White House: Here come the tax hikes

White House: Here come the tax hikes

And here comes Joe Manchin’s moment for explanations. The White House has finally released its plan to fund the new infrastructure bill, a necessary step now that Democrats have decided to shove it through the Senate using reconciliation. That requires the plan to be deficit neutral, and this new set of corporate-tax hikes does cover the $2 trillion spending plan … but only after 15 years, and through the use of static tax analysis:

The Biden administration unveiled its plan to overhaul the corporate tax code on Wednesday, offering an array of proposals that would require large companies to pay higher taxes to help fund the White House’s economic agenda.

The plan, if enacted, would raise $2.5 trillion in revenue over 15 years. It would do so by ushering in major changes for American companies, which have long embraced quirks in the tax code that allowed them to lower or eliminate their tax liability, often by shifting profits overseas. The plan also includes efforts to help combat climate change, proposing to replace fossil fuel subsidies with tax incentives that promote clean energy production.

Some corporations have expressed a willingness to pay more in taxes, but the overall scope of the proposal is likely to draw backlash from the business community, which has benefited for years from loopholes in the tax code and a relaxed approach to enforcement.

The businesses aren’t the only entities benefiting from the tax code and enforcement policies. There’s a way to fix both — institute a flat-rate tax system without any write-offs or deductions. Large businesses would hate that because it eliminates a competitive advantage against smaller businesses. Congress hates the idea because it gives them no opportunity for social engineering through the tax code. If the Biden administration really wanted to solve that problem, they know how to do so. What they really want, however, is just to pick a different set of winners.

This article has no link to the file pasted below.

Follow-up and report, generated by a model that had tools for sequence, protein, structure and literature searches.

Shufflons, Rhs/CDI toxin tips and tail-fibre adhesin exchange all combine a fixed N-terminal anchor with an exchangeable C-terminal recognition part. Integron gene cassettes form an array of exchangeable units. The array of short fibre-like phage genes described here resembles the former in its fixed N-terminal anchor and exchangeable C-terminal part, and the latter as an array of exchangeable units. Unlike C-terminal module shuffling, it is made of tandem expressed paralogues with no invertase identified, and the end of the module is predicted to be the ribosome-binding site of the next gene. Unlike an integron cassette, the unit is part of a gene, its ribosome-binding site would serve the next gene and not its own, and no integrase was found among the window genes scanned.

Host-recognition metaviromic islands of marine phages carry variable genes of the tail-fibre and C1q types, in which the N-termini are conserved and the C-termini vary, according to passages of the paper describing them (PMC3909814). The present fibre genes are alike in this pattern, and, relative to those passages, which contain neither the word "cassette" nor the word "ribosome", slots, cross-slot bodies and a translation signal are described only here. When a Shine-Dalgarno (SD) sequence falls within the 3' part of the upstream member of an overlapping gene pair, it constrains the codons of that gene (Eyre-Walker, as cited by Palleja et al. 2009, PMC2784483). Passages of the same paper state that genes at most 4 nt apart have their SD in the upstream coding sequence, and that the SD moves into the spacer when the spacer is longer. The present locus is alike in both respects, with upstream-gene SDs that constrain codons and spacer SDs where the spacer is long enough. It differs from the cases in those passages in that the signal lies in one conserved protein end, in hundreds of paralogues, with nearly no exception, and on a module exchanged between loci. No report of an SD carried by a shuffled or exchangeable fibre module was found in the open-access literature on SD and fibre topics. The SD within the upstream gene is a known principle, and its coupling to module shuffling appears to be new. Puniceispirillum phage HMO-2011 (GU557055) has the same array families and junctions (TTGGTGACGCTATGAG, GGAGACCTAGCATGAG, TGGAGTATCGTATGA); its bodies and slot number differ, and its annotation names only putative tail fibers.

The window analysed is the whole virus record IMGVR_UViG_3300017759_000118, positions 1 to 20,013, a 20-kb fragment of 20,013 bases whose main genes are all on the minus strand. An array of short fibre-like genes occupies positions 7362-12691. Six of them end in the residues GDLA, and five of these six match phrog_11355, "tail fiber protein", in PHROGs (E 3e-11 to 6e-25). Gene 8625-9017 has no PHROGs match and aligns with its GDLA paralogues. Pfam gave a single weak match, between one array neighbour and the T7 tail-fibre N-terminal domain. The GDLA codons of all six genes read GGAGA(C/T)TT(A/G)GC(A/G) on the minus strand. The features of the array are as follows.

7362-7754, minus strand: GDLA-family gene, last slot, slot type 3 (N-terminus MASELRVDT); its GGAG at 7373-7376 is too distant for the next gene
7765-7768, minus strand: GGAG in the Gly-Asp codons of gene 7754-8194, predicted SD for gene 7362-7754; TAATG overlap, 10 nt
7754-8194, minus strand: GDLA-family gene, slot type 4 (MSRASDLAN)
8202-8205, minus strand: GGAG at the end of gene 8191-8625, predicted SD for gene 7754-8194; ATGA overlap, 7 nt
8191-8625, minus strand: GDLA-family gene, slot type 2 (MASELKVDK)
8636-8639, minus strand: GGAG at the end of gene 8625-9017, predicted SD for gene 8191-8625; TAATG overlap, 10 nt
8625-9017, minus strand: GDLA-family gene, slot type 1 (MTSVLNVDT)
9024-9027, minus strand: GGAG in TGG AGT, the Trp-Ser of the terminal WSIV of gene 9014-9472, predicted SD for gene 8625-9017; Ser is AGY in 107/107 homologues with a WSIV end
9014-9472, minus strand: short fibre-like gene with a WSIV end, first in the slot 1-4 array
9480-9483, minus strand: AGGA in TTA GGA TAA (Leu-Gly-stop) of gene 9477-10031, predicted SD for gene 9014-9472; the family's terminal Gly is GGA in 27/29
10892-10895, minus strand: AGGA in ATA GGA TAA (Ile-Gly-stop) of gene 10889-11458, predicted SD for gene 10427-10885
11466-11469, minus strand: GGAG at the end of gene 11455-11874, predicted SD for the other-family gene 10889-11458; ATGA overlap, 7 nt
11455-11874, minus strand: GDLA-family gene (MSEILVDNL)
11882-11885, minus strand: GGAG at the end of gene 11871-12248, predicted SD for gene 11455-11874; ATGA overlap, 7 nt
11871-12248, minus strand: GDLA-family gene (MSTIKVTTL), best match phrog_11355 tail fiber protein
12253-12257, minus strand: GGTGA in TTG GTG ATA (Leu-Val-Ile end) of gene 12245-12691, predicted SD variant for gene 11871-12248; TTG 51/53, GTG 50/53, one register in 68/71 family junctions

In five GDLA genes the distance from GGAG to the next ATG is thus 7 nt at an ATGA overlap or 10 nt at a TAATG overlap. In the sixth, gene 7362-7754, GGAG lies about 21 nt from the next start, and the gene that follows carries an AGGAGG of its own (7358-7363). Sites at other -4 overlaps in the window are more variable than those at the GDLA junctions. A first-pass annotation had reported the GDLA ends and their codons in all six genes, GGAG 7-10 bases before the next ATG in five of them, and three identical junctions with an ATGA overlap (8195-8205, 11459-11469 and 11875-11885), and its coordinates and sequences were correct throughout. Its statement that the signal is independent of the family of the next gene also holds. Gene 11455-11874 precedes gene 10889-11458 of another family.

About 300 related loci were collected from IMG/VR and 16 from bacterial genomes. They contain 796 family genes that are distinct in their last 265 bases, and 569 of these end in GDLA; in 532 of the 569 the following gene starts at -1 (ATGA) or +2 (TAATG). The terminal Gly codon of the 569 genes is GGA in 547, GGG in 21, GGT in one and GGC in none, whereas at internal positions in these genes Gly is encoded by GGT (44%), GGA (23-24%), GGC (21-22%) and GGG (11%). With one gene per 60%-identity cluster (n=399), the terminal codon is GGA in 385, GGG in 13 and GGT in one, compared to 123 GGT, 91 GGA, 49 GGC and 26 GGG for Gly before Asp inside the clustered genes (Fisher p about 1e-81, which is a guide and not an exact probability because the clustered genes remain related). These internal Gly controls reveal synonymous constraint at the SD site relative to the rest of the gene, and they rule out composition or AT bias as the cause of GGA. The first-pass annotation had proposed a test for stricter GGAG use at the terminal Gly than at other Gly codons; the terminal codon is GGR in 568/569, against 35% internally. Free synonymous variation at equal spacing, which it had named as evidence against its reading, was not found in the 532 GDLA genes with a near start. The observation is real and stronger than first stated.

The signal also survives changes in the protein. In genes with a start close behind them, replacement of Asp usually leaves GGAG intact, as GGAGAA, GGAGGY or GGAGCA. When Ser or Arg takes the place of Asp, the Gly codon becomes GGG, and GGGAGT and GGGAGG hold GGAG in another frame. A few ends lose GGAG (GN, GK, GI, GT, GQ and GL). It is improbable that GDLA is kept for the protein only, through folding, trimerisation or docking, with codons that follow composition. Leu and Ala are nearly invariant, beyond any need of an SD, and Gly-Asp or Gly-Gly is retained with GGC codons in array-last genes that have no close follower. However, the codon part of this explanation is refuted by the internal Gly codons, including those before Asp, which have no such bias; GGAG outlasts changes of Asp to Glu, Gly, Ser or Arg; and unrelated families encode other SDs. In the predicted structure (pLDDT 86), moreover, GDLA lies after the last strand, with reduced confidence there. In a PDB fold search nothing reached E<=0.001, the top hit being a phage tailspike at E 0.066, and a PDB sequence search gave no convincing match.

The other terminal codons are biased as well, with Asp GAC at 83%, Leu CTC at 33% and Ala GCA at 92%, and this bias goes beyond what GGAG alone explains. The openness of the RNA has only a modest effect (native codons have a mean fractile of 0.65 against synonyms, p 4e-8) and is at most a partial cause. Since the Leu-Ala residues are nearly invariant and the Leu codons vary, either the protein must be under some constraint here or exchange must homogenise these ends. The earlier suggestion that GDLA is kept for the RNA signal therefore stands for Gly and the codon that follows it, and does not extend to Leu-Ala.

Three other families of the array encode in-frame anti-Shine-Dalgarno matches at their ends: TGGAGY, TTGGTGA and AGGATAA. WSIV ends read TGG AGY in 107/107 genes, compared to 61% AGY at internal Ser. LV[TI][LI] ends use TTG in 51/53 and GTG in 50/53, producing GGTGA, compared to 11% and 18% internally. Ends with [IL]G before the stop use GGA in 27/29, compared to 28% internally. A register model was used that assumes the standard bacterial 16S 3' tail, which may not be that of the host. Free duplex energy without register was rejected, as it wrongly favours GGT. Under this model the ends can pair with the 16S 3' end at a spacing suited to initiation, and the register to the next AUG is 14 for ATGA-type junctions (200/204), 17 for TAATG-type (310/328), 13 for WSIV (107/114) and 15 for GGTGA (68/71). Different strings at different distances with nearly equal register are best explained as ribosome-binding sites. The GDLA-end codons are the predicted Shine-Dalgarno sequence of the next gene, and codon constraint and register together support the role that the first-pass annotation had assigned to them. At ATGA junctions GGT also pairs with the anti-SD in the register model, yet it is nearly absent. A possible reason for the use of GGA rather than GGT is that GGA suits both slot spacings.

Hence, we have the new proposal, which won’t raise the money needed for their infrastructure spending until well after it’s sent. It also won’t raise anywhere near this amount of money because static tax analysis assumes no behavioral changes when incentives are shifted in statute and regulation, which is utter nonsense. When the rates go up and the loopholes shift in favor of the Biden administration’s preferred incentives, more income will get sheltered in those — which means less money will get collected as a result. (In fact, that’s the entire point of social engineering through the tax code — to change market behaviors.) However, for the purposes of reconciliation, the static tax analysis will be good enough, and in truth neither party cares much about deficit spending any more anyway.

And thus we come to the crux of the matter for Manchin. He claimed this week that he won’t go along on any corporate tax rate higher than 25%. Even with static tax analysis, though, 25% won’t get enough revenue to pay for the $2 trillion infrastructure package Manchin insists he wants, and which should pay off handsomely for him in West Virginia. Unless he plans to rewrite that package with Republicans to get to 60 votes, the only way Manchin gets that infrastructure spending is to provide enough pay-for to get through reconciliation.

In the end, Manchin will cave on this point. He’ll put up a nominal fight, followed by a declaration that the issue is too critical to fight over a nominal increase in the corporate tax rate. Don’t expect too much static from Manchin, in other words.

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